Every day more and more new applications are arriving to the already well populated cell-phones’ world. Nowadays is easy to find applications to do almost any imaginable thing (Even some unimaginable things) and numbers seem to keep growing. As competence brings quality and satisfied customers this is a very well appreciated trend. But what happens when the cell-phone you have is not that smart? What if this ever increasing amount of applications always finishes with the warning “application not supported” message? I felt somewhat frustrated when that happened to me, in fact, I felt frustrated when that kept happening about 9 out of 10 times I tried to install something.
My telephone is java-enabled is not very smart. Well, I had decided to deal with the idea of not installing big apps but some simple needs just came up. I needed to have some information displayed at my phone. I didn’t need interactive content or anything like that; I just needed to have the information with me, not a big deal. One possible option was to write it down as a text message. That works fine if you need to write a couple of lines or so, but when you are trying to pack five or six pages this could be a titanic task. Is the same with some applications which allows you to create content in the phone, without text messages limits, they are more convenient but still far from a real solution.
That’s why I started looking for some workaround and finally I found it. As the difficult seemed to be on my phone, I looked for an application to install in my computer which allowed me to share my documents with the phone. The apps I decided to use were those for creating e-books to read at the phone as java files. There are several e-books creators, I used for example the text-reader developed by Mobile-Mir. Using this app I managed to create the content I wanted to just like I do with my PC. When you create content there are different style formats options available like bold, italic, underline, etc. The interface is similar to HTML editors, so it could appears rather confusing for people who haven’t handled codes alike before, but is easy to get used to it. It also has the option to include pictures and manage several different files. Once the “e-book” is completed the following step is creating the JAR file. This file is to be installed in the phone so it must be translated using any available connection and that’s it. It is installed as any application (Just this finish with a friendlier “Installation finished” message) and it can be launched at any time from the phone.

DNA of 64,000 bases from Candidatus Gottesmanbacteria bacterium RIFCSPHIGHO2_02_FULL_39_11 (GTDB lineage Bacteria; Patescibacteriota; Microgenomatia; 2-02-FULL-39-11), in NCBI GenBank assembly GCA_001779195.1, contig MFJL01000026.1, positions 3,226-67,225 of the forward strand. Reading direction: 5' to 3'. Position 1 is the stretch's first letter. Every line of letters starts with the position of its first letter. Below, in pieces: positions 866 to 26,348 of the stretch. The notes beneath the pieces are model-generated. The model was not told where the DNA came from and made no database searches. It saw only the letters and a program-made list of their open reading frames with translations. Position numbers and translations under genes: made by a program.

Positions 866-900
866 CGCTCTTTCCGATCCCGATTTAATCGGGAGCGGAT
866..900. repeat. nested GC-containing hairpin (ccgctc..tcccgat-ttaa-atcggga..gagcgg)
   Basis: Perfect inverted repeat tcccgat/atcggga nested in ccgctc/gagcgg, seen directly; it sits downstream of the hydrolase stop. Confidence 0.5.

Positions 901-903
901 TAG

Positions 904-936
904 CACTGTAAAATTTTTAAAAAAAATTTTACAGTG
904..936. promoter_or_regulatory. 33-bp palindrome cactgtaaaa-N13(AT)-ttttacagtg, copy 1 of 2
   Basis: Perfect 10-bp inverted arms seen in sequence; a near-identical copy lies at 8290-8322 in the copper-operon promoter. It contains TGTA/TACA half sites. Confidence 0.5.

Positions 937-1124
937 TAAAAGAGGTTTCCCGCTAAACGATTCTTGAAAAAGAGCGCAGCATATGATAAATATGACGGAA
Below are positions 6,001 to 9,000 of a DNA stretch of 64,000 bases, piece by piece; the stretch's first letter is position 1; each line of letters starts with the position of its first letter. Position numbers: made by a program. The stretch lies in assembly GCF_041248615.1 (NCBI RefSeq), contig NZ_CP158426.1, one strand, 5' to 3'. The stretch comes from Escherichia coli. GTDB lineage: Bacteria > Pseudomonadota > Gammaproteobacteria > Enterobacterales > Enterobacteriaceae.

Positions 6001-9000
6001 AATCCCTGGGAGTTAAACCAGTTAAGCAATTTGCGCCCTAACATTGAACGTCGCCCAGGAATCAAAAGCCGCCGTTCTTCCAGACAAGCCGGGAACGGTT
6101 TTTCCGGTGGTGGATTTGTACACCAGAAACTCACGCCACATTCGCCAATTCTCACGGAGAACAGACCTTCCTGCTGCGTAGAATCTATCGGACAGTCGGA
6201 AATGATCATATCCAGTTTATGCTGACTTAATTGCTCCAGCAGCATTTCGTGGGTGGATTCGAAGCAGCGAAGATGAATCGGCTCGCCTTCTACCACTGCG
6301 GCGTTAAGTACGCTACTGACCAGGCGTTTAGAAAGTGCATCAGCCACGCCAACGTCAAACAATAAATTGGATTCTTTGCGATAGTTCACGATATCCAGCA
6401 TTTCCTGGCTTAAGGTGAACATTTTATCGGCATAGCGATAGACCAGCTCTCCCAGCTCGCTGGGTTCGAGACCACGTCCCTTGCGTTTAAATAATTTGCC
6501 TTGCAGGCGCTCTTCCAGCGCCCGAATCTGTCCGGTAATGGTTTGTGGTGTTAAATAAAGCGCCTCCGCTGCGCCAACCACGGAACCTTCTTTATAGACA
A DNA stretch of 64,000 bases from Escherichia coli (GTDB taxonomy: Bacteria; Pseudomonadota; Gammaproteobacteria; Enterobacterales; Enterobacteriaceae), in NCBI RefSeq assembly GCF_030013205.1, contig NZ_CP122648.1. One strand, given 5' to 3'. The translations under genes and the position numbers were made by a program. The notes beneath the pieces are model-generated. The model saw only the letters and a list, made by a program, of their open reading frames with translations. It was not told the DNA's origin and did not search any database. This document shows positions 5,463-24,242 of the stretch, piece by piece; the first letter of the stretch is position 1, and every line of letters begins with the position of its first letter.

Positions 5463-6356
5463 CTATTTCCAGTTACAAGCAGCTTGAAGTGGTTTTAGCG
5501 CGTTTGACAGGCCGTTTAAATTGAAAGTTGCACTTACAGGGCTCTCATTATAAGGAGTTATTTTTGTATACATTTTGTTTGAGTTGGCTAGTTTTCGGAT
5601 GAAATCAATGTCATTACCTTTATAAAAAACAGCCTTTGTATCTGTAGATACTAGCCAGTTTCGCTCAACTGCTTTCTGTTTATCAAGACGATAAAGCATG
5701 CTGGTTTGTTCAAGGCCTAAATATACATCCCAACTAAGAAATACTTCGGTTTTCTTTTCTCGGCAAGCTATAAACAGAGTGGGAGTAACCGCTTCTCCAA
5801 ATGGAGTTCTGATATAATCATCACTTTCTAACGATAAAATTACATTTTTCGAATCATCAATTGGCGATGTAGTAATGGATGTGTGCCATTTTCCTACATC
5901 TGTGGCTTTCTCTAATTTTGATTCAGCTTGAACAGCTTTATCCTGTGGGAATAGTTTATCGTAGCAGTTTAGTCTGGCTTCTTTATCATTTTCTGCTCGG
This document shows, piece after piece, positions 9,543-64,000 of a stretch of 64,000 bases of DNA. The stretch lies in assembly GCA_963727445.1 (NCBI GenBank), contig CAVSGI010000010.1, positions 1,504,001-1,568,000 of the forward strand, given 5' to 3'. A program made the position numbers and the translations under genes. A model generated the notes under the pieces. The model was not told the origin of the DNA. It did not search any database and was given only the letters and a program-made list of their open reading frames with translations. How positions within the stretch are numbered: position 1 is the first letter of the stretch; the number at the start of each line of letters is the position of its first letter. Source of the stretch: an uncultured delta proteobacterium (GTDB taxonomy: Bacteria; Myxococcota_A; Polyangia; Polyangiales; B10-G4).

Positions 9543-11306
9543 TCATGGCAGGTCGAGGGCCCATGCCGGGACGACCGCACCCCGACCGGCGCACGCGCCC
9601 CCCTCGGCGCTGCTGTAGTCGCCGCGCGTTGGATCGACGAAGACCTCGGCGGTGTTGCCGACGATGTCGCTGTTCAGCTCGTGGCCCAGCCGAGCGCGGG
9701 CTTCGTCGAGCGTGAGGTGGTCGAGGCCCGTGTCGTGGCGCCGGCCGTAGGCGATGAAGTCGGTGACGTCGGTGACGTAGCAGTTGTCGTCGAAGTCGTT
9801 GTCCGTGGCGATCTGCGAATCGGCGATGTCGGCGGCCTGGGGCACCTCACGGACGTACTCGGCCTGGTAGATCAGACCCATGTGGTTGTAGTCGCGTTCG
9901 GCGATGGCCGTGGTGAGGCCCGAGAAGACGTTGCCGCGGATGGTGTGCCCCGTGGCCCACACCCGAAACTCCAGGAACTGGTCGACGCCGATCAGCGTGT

I have used it to carry on directions on how to get to different places (Yes, my cell-phone doesn’t have GPS either), to bring my supermarket shopping list or to study some assignments without having to bring my whole computer. I find it useful and efficient enough even to create e-books from leisure magazines and bring along with me some entertaining things to do while queuing.
So in conclusion, if your phone is not that smart, don’t throw it away. Go online and find out what format your phone supports and you might find out that some applications are ready to help you.